- British TV has upped the ante on this. Channel Four is running a reality show/contest called The Jewish Mother of the Year. Some of the eight contestants are young and attitudinal enough to be thought of as Jewish American Princesses. and in Episode two, where they have to act as matchmakers to unhitched Jewish girls... oi vey and gevalt, my life already. More JAP's than the Burma Railway.
- Played with in a seasonal storyline on Soap that merged the stereotype with the Mafia Princess type by having Danny forced into a relationship, and then a marriage, by Elaine, the daughter of a Jewish mobster he had once worked for. Eventually, she becomes much nicer and is naturally killed off in classic soap opera style. Somewhat at odds with the usual stereotype, though, Elaine is less frigid than she is terrifyingly overeager where sex is concerned.
- On Seinfeld, Jerry's girlfriend Rachel Goldstein, who appeared in three episodes, had elements of this character type.
- Fran Drescher's character in the TV series Princesses was a literal example (the show was about three roommates - an actual princess, a Jewish American Princess, and a "Daddy's Little Princess")
- Leah in A Stranger Among Us is a subversion. She is a Rebbe's daughter who is very much a Proper Lady.
- Rachel Katz from Mad Men is an aversion of this trope. Despite being a wealthy, successful Jewish woman, she is neither selfish nor materialistic, and she earned her wealth independently.
- Frank Zappa's song "Jewish Princess" from the album Sheik Yerbouti, which led to accusations of anti-Semitism by the Anti-Defamation League. Zappa refused to apologize for the song, stating in his autobiography The Real Frank Zappa Book that unlike the unicorn, Jewish Princesses actually exist. However, he did release the song "Catholic Girls" on his follow-up album, Joe's Garage, in order to be an equal opportunity offender regarding young women's religions.note
- 2 Live Jews' song "J.A.P. Rap" is Exactly What It Says on the Tin.
- Jewish American Princesses feature in several of Allan Sherman's parody songs including "Sarah Jackman" and "You're a Nudnik, Sondra Goldfein."
- Inverted by Roger Shimomura's painting called KIKE, titled after a traditional slur against Jewish people. In the early 1990s, Shimomura had a fresh encounter with the old slur. A woman asked him if he knew what a "JAP" was. As he stared at her, she told him it was a Jewish American Princess. A couple of weeks later, he said, he happened to catch an Oprah show on the theme of "JAPS" or Jewish American Princesses, with no reference to its original meaning. Shortly thereafter, a Jewish woman conducted a seminar at the University of Kansas, where he teaches, about the word "JAP" and how hurtful it is to Jewish women. His response was not timid or the least bit politically correct: A solo performance piece titled "KIKE," which he said stood for kinky, immature, kimono empress. Sick of the old slur "jap" getting new life as Jewish American princess, Shimomura responded with "KIKE" or kinky, immature, kimono empress. In the painting accompanying this story, a lovely young Jewish woman gazes in the mirror, a crown on her head. Only the first letter of the banner across her chest is visible, and it's a "K."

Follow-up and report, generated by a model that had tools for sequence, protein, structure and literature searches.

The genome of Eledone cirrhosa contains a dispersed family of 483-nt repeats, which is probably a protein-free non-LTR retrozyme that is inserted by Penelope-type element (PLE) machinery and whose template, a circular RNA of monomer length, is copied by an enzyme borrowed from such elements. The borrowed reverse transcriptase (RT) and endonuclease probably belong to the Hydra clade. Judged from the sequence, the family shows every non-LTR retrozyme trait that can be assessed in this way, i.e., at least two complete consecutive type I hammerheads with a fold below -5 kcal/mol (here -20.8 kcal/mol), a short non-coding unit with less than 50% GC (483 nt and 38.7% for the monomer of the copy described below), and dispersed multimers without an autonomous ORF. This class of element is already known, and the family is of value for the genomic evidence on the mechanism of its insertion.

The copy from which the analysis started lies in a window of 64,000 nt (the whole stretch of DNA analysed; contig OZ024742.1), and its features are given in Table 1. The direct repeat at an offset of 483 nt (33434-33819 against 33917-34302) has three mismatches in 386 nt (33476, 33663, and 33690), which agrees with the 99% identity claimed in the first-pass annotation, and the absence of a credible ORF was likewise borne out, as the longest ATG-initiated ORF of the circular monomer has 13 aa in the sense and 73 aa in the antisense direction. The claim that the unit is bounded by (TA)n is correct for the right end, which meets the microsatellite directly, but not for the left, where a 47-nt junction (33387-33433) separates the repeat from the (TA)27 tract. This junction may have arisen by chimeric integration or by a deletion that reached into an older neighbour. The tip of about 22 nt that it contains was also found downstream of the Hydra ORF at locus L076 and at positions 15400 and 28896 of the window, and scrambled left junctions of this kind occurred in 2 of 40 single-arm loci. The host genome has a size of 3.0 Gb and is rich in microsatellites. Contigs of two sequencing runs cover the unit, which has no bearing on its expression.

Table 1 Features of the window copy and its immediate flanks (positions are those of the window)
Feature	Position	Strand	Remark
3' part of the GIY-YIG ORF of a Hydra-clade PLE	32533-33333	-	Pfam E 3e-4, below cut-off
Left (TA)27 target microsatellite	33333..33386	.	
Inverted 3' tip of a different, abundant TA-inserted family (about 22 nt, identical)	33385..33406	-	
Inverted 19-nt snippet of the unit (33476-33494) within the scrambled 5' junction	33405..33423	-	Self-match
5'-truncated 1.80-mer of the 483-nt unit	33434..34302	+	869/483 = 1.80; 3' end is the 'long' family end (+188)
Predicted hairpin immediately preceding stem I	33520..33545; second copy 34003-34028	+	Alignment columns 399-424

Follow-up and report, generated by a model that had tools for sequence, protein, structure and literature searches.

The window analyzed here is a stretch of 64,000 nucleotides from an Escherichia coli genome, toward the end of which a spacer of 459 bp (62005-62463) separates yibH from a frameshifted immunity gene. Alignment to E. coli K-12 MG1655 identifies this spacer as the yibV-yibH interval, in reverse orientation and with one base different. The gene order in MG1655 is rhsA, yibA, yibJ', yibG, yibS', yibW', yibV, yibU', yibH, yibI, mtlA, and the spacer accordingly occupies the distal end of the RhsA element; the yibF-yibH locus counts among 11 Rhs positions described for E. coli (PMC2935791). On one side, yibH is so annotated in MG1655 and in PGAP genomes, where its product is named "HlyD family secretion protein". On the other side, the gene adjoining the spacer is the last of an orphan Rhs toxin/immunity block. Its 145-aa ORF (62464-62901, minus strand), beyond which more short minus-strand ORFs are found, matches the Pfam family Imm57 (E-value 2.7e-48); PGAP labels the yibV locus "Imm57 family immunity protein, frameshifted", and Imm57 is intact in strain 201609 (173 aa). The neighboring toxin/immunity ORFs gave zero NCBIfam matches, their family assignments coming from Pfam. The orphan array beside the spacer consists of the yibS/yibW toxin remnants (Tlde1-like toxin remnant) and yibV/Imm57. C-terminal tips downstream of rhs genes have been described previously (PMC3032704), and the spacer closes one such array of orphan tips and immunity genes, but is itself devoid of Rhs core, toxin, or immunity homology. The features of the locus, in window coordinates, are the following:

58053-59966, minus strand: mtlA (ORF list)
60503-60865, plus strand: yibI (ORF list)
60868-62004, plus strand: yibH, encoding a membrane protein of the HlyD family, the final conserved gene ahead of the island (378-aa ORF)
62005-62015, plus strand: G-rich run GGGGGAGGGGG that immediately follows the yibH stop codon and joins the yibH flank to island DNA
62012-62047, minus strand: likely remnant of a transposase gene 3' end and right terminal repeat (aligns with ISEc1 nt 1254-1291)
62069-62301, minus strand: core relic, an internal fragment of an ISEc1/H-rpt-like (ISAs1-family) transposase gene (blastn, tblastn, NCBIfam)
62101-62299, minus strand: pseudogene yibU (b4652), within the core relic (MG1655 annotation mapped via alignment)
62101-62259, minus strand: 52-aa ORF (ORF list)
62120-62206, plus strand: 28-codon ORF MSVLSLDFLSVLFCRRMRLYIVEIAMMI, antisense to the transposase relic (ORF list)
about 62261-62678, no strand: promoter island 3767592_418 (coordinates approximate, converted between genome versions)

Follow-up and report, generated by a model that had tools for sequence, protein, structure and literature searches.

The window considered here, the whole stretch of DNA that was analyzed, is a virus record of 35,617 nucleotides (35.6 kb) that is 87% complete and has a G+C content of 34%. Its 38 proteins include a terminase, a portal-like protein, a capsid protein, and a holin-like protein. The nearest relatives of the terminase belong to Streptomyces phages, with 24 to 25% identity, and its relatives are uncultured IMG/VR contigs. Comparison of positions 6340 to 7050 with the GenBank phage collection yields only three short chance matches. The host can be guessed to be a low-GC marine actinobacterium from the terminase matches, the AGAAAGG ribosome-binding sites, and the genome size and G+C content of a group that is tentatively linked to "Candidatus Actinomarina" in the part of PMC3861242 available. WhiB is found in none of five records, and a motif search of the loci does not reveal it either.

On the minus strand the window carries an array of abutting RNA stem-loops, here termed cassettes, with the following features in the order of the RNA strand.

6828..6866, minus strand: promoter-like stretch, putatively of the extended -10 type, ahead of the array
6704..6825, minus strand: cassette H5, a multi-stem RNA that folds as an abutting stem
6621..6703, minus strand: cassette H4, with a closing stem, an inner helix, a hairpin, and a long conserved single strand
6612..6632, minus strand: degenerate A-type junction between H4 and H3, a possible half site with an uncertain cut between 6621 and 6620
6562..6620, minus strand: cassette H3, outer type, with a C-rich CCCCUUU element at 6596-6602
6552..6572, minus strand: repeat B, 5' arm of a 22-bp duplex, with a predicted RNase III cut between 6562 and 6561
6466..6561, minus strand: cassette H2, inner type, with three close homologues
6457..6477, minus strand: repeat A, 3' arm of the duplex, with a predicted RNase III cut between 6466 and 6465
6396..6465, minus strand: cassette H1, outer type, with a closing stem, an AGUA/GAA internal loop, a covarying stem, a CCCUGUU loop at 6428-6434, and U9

- Wyatt Cenac (of The Daily Show fame), in his stand-up routine, discusses this in a story about a high-maintenance, Jewish girlfriend he once had. When he eventually asks her why she's so high-maintenance, the exchange is as follows:
Cenac: ...Why are you so high-maintenance?
Girlfriend: (sing-song) I'm a JAP~
Cenac: You're a racist! What do Japanese people have to do with you taking three-and-a-half hours to get ready for something?
Girlfriend: No, stupid, JAP. Jewish American Princess!
Cenac: Oh, my bad. And apparently the bad of any Japanese person who's ever been offended.
- Diamond Tiara from Friendship is Witchcraft is still a materialistic, snotty bitch as per show standard, but she's Ambiguously Jewish to boot in the pony universe (pony religion is somewhat ambiguous). Presumably, she's this in the FIW equivalent of Equestria Girls, since human!Silver Spoon explicitly states she's Jewish.
- Portia Gibbons from The Mighty B! is this (although she also has something resembling a Valley Girl "accent"). Her cousin, Chelsea is even worse.
- On South Park, Kyle's mother is usually portrayed as a Jewish Mother, but she occasionally behaves more like a Princess stereotype where her husband and marriage are concerned.
- Mipsy from As Told by Ginger.
- Lois Griffin from Family Guy, who is half-Jewish, used to be this when she was younger.
- In American Dad!, Sharri Rothberg is this. She's portrayed as so insufferable and demanding, Roger quickly regrets asking her to marry him so he could scam wedding presents, eventually managing to fob her off to the equally desperate Mountain Man, Buckle.
- Winston Schwartz from Fritz the Cat was intended to be this by Ralph Bakshi.
- Tammy Larson from Bob's Burgers is revealed to be one in the episode "Mazel-Tina" in which she refuses to invite her classmate Tina to her bat mitzvah, and begins acting like a stereotypically bratty My Super Sweet Sixteen star.